Monday, August 24, 2015

Commission Summer Reading

To gear up for our meetings this fall, the Sustainability Commission is reading The Nine Elements of a Sustainable Campus by Mitchell Thomashow.  Share your thoughts in the comment section!

One of the great attributes of sustainability is that it can develop on both the small and the large scale.  Grassroots efforts have underpinned much of the sustainability movement so far and we must sustain these efforts as we look to bigger, cross-disciplinary initiatives.

When we make this shift from grassroots to institutional change, there is a critical step that, if we skip, could lead to failure before we even start.  The critical step is asking a simple question: What is the problem?  Defining the problem is usually harder than coming up with solutions, but without a clearly defined problem, it is impossible to get buy in on a large scale.

I was also drawn to Thomashow's question: "Why is a college campus the ideal setting for exploring, constructing, and practicing [sustainability]?"  His answer delves into not just why is it ideal, by why colleges and universities have an obligation to explore, construct, and practice sustainability.  His fifth reason is the one that hits at the heart of all those working in Higher Education: "Colleges and universities have an educational responsibility to address the most important issues of the times."  It reminded me of a recent AAC&U publication entitled "Creating the Connected Institution: Toward Realizing Benjamin Franklin and Ernest Boyer's Revolutionary Vision for American Higher Education" by Ira Harkavy.  In it, Harkavy states: "That core idea [of Franklin's and Boyer's work], simply put, is this: This primary purpose of higher education is service to society for the progressive betterment of the human condition."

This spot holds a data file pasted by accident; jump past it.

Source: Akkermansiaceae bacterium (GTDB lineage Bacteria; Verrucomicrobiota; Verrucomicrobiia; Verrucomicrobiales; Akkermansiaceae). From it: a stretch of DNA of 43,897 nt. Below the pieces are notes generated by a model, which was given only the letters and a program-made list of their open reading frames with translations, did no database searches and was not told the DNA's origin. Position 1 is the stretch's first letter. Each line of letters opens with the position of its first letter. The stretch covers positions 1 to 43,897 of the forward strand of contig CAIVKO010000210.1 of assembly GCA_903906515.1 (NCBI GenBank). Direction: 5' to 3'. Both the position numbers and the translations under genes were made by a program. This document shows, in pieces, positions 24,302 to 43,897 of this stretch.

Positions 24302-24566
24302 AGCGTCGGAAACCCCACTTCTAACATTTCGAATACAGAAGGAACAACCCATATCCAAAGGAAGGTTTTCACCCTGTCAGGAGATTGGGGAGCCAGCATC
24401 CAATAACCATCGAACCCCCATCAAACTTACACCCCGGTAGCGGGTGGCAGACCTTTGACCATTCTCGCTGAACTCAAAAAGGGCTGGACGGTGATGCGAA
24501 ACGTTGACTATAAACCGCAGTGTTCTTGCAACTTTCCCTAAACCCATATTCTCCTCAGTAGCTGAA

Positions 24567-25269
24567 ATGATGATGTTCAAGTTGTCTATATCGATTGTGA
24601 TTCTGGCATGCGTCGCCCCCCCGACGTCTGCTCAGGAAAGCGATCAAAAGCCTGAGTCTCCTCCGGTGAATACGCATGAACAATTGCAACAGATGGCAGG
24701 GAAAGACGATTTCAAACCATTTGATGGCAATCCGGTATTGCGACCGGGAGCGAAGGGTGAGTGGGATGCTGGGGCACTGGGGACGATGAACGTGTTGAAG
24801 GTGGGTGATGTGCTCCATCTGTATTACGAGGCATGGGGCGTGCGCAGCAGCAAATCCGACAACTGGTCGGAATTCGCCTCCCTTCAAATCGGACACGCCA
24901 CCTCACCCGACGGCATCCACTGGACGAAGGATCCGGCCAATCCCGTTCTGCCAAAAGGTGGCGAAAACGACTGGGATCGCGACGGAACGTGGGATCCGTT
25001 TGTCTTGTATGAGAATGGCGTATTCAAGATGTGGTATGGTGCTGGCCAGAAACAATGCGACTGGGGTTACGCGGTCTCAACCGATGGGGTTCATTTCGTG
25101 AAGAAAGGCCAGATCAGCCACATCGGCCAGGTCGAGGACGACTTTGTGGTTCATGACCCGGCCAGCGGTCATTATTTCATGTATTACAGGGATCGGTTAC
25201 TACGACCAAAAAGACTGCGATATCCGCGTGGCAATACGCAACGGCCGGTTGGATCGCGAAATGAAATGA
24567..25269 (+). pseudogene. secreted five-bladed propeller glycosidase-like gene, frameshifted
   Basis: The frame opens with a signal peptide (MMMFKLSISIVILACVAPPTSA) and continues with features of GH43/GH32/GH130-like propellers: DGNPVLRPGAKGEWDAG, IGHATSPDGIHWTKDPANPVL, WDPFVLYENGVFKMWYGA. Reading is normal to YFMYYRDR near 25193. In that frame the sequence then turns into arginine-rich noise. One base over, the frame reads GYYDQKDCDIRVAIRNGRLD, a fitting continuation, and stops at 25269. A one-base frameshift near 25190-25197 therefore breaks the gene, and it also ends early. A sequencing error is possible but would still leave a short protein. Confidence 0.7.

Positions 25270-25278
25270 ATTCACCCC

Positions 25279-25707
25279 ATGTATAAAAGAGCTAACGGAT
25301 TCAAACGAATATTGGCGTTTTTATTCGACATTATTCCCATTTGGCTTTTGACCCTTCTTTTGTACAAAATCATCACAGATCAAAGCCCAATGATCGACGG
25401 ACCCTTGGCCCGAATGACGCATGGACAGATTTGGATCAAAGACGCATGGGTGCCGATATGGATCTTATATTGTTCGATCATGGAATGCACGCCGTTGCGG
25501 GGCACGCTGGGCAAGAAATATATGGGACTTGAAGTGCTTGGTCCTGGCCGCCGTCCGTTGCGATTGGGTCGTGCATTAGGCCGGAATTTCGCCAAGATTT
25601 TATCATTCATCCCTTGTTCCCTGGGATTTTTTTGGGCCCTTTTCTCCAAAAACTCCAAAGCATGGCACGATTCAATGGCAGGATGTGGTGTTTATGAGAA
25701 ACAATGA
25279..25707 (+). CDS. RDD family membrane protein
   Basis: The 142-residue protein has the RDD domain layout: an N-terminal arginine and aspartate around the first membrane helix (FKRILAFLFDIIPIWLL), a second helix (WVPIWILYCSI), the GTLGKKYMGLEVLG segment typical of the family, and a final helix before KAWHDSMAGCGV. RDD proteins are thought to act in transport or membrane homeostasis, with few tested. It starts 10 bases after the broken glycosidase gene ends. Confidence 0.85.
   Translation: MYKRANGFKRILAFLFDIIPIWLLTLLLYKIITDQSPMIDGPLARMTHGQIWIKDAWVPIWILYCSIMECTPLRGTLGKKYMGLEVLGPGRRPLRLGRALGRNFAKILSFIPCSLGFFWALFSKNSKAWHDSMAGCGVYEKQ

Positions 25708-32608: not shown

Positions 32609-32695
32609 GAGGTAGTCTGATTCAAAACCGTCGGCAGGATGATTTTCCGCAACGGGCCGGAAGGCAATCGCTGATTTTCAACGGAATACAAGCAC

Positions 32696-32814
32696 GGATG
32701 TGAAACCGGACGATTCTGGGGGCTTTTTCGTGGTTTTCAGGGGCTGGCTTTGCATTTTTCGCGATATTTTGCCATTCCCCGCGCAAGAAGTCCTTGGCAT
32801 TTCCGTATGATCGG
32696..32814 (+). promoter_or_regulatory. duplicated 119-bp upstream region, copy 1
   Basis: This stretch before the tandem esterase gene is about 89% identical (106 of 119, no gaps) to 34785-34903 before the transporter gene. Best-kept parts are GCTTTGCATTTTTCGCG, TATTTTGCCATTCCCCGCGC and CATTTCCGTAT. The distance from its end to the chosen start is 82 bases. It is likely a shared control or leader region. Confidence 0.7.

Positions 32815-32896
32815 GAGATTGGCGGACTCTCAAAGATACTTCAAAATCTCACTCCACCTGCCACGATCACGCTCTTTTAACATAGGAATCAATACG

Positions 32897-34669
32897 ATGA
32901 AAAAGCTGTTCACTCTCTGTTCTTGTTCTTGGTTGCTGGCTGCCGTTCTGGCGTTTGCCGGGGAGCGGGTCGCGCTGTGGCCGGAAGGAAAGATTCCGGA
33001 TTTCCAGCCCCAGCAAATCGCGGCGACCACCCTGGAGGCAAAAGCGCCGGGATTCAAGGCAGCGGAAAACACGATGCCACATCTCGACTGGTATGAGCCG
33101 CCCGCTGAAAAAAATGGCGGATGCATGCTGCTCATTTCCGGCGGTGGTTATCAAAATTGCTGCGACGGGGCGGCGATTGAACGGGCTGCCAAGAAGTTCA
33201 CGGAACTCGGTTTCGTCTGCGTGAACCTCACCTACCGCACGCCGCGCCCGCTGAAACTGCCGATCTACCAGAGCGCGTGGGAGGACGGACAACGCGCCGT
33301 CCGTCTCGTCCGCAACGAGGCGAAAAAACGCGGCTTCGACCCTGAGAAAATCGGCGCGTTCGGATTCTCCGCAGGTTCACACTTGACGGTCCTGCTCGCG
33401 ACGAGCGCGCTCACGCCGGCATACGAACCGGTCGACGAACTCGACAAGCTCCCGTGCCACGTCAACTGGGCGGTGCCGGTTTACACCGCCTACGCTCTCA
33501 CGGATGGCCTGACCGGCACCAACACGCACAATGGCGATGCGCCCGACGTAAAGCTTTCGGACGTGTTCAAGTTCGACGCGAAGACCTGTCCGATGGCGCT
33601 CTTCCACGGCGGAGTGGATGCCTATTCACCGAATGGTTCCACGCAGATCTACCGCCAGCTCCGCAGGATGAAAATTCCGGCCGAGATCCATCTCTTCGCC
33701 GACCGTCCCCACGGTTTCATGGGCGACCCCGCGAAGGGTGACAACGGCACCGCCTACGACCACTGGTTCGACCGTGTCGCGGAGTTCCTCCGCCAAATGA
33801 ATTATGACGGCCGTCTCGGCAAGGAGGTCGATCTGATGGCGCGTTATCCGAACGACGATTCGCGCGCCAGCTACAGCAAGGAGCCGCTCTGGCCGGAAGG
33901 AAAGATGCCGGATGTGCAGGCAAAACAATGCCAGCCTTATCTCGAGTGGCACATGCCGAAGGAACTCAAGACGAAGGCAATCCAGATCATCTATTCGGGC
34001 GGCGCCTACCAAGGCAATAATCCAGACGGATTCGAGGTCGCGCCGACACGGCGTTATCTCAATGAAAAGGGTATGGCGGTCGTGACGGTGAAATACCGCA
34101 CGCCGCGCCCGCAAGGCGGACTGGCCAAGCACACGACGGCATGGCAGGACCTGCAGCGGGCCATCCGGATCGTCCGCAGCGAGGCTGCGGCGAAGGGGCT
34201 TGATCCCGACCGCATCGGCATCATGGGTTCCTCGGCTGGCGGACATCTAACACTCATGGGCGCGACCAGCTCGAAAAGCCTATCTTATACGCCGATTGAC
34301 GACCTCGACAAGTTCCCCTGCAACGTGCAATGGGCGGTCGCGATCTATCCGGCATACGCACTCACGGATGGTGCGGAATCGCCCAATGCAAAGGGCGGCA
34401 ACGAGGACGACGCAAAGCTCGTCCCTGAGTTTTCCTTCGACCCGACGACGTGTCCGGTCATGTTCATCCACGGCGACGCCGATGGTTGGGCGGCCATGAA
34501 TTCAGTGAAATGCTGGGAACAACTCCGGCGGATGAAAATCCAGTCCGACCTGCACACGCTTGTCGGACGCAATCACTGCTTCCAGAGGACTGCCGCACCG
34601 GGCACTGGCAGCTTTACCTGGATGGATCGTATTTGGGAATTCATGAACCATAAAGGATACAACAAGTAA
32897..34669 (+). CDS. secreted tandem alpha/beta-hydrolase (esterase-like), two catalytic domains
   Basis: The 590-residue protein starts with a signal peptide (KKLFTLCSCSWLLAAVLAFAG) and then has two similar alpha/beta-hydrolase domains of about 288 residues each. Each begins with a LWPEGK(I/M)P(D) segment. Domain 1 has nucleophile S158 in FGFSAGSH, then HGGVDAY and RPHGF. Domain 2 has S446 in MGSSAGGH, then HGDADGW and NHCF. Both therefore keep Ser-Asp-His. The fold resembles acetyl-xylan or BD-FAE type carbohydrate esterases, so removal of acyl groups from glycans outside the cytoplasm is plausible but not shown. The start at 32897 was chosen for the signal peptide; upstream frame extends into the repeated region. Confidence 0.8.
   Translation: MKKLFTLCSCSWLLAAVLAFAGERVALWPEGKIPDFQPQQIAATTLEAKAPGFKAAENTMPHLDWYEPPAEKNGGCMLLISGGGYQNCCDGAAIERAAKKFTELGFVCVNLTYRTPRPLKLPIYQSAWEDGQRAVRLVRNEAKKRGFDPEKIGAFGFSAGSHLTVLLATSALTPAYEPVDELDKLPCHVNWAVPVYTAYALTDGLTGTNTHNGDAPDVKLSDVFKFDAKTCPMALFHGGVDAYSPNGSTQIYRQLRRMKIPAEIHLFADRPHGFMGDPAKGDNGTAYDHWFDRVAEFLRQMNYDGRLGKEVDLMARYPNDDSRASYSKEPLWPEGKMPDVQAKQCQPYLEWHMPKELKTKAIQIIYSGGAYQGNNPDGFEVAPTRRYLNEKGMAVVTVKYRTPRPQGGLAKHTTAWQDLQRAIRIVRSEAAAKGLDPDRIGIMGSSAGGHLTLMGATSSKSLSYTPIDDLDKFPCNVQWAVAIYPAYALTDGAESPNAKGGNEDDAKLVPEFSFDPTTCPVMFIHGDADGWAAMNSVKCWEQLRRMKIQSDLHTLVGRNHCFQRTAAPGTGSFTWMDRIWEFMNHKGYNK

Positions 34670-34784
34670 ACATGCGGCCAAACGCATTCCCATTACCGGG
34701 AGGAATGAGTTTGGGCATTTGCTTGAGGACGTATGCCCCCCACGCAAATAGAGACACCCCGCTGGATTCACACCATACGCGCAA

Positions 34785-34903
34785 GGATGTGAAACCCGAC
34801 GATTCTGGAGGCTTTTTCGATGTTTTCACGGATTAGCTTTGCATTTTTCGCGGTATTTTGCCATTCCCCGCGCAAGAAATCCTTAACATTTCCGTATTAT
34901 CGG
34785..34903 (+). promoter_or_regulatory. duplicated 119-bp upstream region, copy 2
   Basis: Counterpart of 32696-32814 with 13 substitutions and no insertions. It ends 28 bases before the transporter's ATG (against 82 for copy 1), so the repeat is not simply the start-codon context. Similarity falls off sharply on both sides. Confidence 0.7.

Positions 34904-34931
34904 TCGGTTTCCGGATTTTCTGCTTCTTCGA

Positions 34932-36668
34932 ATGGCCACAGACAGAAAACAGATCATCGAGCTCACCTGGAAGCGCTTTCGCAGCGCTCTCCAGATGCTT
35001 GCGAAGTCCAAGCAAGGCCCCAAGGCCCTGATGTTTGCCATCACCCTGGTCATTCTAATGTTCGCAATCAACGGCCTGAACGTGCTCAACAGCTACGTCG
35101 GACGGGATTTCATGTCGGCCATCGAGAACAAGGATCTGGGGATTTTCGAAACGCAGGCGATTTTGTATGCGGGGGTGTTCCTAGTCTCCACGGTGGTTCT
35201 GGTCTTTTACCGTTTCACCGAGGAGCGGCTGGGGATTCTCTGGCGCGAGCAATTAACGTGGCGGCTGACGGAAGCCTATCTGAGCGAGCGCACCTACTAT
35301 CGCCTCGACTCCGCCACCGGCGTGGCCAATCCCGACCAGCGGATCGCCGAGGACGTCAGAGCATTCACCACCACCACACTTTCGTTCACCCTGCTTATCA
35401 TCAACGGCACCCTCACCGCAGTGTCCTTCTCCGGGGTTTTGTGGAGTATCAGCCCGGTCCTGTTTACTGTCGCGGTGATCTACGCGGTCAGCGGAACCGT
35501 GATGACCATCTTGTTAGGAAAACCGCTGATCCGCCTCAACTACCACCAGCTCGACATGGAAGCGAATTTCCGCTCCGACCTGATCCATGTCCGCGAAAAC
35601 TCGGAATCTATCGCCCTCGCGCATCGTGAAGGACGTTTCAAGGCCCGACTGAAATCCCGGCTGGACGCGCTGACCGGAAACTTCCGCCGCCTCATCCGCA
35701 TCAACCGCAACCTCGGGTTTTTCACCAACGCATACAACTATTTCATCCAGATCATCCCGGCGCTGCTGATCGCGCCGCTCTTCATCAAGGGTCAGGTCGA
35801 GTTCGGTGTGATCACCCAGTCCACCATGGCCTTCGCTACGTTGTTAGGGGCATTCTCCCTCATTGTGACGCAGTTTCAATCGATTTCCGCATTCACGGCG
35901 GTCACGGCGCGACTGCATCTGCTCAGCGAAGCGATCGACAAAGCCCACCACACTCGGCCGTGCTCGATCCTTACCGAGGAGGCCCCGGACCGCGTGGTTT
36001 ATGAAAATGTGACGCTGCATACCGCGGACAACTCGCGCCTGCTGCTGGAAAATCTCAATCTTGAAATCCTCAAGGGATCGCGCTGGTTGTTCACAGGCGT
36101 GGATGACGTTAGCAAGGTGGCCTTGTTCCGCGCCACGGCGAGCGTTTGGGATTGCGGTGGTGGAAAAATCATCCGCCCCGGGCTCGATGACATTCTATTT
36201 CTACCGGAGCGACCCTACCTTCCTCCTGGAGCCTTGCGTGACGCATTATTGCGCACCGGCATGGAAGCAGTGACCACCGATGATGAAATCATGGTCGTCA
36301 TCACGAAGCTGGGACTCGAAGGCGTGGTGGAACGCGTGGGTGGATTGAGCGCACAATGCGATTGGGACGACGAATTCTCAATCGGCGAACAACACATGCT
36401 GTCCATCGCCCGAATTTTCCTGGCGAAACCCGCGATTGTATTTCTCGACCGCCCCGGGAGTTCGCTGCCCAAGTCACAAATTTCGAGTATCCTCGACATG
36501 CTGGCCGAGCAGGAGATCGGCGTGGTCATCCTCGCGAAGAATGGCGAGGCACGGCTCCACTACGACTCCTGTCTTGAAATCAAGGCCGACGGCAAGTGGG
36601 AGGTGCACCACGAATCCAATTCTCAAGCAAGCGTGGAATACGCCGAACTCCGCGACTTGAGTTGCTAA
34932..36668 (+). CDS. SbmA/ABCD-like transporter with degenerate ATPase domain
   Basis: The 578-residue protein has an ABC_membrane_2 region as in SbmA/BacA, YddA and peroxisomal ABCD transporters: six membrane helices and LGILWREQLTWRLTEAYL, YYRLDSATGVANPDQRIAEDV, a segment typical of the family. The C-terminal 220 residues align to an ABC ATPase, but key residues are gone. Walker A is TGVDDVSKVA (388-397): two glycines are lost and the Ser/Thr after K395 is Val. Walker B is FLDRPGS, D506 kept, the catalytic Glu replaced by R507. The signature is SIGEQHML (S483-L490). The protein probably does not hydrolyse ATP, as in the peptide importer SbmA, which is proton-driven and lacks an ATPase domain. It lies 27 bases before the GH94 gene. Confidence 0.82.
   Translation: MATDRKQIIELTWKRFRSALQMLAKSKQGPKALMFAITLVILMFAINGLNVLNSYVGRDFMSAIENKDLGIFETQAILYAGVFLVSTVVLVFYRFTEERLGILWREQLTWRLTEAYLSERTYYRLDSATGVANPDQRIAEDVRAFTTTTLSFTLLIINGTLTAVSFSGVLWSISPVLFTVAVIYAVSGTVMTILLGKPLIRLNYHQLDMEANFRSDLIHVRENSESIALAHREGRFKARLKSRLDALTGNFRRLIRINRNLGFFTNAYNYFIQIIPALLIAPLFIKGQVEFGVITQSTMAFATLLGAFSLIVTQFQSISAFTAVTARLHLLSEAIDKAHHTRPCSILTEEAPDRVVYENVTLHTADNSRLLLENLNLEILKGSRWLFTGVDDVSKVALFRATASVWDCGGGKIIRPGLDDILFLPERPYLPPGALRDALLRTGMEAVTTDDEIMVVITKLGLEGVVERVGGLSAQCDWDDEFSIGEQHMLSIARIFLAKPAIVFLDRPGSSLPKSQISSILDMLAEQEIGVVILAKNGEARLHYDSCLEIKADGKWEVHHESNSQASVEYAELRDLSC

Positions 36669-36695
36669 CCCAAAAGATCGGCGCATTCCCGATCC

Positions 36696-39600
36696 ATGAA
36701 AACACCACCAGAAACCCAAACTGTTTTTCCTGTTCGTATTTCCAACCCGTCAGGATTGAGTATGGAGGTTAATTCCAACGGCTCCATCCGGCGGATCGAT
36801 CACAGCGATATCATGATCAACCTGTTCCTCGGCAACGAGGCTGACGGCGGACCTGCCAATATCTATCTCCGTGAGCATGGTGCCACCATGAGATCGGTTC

College campuses often feel like a bubble, where we are so involved in the day-to-day that we forget a world outside exists, is changing, and needs involvement from us.  If the campus is insular and isolated, if we do not stray outside our field of expertise, if we do not look for connections outside the college, we are not serving society and we are not fostering students, faculty, and staff to positively influence the world.  That is a problem and it is problem to which Sustainability is an answer.

[N.B. One of the new JADE certificate workshops is aimed at defining this seemingly straightforward question ( and is called, "If Sustainability is the solution, What's the Problem?" Check it out!]

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